Dan Buettner is a fellow at National Geographic, and an expert on so-called Blue Zones, places like Okinawa, Japan; Sardinia, Italy—places where people manage to outlive us by ten years or more.

Dan: This island has three times the number of siblings over ninety, more than anyplace else in the world.

When he first began investigating this place, he found a guy named Stomitas Moriaitas, an Ikrian who moved to the States as a young man, and stayed until age 66 when he was diagnosed with cancer.

Given just a few months to live, Stomaitas moved back home, planted a garden…and waited to die.

But death never came.

And 36 years later, after he had outlived all of this doctors . . . he passed peacefully—at a 102.

Dan: You don’t want to live to a hundred if the last two years of your life, you’re disabled in a bed. Here they live a very long time, they tend to die peacefully, in their sleep. And occasionally after SEX!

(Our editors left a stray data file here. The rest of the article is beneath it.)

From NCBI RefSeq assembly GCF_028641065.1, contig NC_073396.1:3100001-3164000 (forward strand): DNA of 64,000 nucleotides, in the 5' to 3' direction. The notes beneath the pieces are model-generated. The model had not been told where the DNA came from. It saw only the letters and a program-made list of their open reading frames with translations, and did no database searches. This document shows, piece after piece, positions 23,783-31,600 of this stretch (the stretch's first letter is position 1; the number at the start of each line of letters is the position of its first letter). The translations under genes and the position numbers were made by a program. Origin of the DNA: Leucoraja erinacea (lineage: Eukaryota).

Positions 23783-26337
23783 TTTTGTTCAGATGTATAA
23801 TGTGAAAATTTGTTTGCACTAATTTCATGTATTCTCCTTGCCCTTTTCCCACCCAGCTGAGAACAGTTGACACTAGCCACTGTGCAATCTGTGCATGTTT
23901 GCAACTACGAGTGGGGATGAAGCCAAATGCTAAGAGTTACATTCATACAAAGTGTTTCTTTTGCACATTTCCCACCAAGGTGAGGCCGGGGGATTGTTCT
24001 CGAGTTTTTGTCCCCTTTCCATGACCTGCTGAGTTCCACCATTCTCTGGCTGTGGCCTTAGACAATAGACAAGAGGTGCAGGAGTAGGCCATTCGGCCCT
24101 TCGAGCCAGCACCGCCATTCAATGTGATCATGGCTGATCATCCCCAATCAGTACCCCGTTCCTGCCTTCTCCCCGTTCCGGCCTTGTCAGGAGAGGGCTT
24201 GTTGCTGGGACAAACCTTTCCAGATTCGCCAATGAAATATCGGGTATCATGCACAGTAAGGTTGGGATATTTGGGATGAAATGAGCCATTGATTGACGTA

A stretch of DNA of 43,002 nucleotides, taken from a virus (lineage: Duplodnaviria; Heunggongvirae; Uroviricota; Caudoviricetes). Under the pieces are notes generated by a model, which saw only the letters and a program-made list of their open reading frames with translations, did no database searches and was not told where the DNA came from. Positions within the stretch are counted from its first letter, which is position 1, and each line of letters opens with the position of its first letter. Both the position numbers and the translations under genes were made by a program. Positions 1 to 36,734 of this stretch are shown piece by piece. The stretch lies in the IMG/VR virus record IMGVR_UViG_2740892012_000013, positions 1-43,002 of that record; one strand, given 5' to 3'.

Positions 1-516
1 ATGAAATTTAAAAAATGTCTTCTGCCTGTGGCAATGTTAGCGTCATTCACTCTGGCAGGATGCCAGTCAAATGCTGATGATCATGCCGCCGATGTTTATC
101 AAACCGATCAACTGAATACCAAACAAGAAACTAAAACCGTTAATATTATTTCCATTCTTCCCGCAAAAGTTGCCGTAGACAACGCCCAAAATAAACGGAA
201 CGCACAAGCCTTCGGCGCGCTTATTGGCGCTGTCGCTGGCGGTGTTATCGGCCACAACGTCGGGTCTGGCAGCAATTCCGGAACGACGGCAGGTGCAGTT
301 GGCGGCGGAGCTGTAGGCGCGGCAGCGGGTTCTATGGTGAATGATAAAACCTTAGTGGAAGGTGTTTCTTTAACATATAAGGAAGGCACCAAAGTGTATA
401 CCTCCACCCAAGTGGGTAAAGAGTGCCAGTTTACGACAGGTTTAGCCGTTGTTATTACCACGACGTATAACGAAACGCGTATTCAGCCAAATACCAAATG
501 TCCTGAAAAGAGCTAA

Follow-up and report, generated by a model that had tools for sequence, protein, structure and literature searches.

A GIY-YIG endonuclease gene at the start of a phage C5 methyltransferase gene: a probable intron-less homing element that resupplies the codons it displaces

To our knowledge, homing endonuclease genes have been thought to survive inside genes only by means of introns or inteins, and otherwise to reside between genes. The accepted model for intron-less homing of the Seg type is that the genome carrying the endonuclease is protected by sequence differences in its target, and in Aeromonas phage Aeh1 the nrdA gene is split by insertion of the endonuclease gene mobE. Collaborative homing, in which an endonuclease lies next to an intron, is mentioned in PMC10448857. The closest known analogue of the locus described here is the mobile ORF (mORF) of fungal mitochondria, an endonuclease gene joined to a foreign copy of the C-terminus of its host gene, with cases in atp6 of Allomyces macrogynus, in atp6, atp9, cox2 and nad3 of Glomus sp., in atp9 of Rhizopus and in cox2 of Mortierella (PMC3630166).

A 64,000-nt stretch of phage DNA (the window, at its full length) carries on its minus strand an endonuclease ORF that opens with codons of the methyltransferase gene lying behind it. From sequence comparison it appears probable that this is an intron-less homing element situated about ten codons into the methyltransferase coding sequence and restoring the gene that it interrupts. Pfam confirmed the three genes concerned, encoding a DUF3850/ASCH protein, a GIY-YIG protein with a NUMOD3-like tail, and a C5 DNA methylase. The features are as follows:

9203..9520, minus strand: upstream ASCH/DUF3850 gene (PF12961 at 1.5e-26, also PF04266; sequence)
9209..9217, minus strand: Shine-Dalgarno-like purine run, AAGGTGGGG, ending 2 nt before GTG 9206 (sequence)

They also have all their mental faculties in place. Americans will spend half-a-trillion dollars a year by 2050 on dementia. Here they only have a small trace of dementia.

So in other words, living a long time and staying sharp to the end go hand in hand.

So what’s their secret here?

And can we steal it?

Well it turns out that finding theories is as easy as finding spunky seniors, like Evangelina.

Journalist: What is your secret?
Journalist: Ah, that’s what it is: you’ve got a friend upstairs.

She’s 97 years old and has grip of a teenager.

Journalist: When you come to New York City, I’m going to take you out to nightclubs.

When she’s not cleaning her own house, or yelling at another lady, she’s playing the mandolin, and singing, but not in demand.

We tried to trick her into singing a few bars, but she was too quick for that.